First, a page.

Two Kenyan athletes who are serving doping bans of four years at the 2015 World Championships have remarked Isaac Mwangi, the chief executive of Athletics Kenya, the country’s governing body for track and field, asked them for a bribe of $24,000 to reduce their suspensions.
Francisca Koki Manunga and Joy Sakari alleged Mwangi asked for the payment in a meeting held on October 16 and added they could not raise the money. In a November 27 email, they were informed of their bans but never filed a criminal complaint as they said they had no evidence to back up their accusations and also feared repercussions. Manunga and Sakari, both police officers in Kenya, said the chief executive of Athletics Kenya asked them for 2.5 million Kenyan shillings – or $24,000 – each.
Francisca Koki Manunga and Joy Sakari tested positive in August for Furosemide that is a banned diuretic used primarily to mask the use of forbidden performance enhancers. The athletes were sent home from the World Championships in Beijing. They revealed the drug was sold to them by a chemist in the Kenyan capital who testified in defense of the athletes to Athletics Kenya. The chemist said he provided them Furosemide to combat water-retention caused by the supplement. Sakari and Manunga were banned until 2019.
The allegations were dismissed by Mwangi as "just a joke". Mwangi said Athletics Kenya has no power to shave time off bans on athletes and denied ever meeting the athletes in private. The chief executive of Athletics Kenya said we have heard stories, athletes coming and saying we were asked for money but they cannot really substantiate that.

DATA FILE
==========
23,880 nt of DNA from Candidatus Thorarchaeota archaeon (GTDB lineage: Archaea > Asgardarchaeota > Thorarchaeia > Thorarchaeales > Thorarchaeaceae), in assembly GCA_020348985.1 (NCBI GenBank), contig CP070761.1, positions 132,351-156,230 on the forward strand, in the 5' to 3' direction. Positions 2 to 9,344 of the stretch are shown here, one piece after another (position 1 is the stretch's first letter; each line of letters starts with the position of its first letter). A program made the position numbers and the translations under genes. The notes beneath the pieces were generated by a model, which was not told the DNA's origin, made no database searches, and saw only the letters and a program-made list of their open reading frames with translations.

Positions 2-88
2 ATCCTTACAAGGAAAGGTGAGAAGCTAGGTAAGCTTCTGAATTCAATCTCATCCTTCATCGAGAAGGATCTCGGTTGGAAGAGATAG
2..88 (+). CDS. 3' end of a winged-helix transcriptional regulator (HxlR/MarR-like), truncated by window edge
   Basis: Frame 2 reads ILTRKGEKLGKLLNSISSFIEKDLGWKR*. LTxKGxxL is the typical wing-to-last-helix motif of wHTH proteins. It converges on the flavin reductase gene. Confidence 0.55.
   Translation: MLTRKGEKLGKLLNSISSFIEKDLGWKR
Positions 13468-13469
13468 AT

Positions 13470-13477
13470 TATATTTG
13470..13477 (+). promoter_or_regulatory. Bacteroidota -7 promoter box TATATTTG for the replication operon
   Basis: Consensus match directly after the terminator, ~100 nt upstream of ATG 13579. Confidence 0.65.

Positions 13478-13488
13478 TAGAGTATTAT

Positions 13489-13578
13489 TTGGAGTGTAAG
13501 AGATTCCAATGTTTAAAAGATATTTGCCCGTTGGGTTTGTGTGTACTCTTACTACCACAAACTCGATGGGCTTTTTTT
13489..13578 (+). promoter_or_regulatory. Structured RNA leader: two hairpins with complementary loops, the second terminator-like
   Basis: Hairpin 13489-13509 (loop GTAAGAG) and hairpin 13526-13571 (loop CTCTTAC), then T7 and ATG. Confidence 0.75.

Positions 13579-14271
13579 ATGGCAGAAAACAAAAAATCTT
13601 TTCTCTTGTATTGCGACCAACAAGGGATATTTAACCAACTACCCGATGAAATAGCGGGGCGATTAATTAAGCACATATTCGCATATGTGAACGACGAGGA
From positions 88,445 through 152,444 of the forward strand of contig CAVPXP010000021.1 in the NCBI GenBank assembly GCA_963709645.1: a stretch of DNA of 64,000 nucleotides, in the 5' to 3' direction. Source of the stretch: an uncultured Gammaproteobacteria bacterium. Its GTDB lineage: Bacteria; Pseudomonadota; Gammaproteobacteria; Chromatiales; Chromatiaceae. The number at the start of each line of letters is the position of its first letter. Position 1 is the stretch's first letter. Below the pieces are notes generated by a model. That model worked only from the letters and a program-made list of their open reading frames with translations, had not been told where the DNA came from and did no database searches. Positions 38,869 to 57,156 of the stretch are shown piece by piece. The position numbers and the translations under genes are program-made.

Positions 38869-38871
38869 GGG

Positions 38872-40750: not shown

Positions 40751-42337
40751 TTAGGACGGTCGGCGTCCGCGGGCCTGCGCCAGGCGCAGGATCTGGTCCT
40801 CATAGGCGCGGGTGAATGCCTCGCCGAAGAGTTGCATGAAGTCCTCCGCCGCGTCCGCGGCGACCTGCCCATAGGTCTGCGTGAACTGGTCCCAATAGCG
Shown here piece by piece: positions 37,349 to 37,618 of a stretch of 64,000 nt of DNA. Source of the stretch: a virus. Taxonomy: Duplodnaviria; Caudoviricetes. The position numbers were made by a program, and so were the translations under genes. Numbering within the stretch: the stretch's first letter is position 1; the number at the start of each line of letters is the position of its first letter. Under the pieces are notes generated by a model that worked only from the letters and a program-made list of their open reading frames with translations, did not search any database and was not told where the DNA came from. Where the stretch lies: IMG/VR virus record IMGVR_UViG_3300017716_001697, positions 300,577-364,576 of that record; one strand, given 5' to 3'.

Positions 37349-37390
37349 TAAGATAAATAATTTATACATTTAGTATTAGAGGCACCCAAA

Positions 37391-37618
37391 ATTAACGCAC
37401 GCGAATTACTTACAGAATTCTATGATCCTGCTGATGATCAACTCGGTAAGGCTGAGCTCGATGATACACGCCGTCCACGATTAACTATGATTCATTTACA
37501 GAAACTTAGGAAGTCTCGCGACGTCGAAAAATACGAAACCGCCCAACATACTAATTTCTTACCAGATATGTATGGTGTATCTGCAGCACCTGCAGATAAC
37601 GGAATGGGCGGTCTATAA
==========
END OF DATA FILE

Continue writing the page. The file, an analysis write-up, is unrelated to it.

Sakari and Manunga said they would be ready to testify to the IAAF Ethics Commission. The commission is presently investigating allegations that Athletics Kenya officials sought to subvert anti-doping in Kenya and offered reduced bans to athletes and solicited bribes. The investigation led to the suspensions of Athletics Kenya president, Isaiah Kiplagat, a vice president, David Okeyo, and Kenya's governing body for track and field former treasurer, Joseph Kinyua.
Sharad Rao, a former director of prosecutions in Kenya is leading the ethics investigation for the International Association of Athletics Federations. Rao had been entrusted with the task of adjudicating cases for the Court of Arbitration for Sport in the past. Rao commented it is good for Sakari and Manunga to come forward because Kenyan athletes have been unwilling to act as whistleblowers. Rao added there is obviously the reluctance on the part of the athletes to come forward and also remarked they don’t want to stand out.
In the last few months, a half-dozen banned athletes indicated privately to the IAAF Commission that officials from Athletics Kenya sought to extort them and they believe if they might have received lighter sentences if they had paid bribes, Rao said. The former director of prosecutions in Kenya added allegations by Sakari and Manunga in public could prove to be a good start and remarked that information would, of course, be very, very significant, very important for us.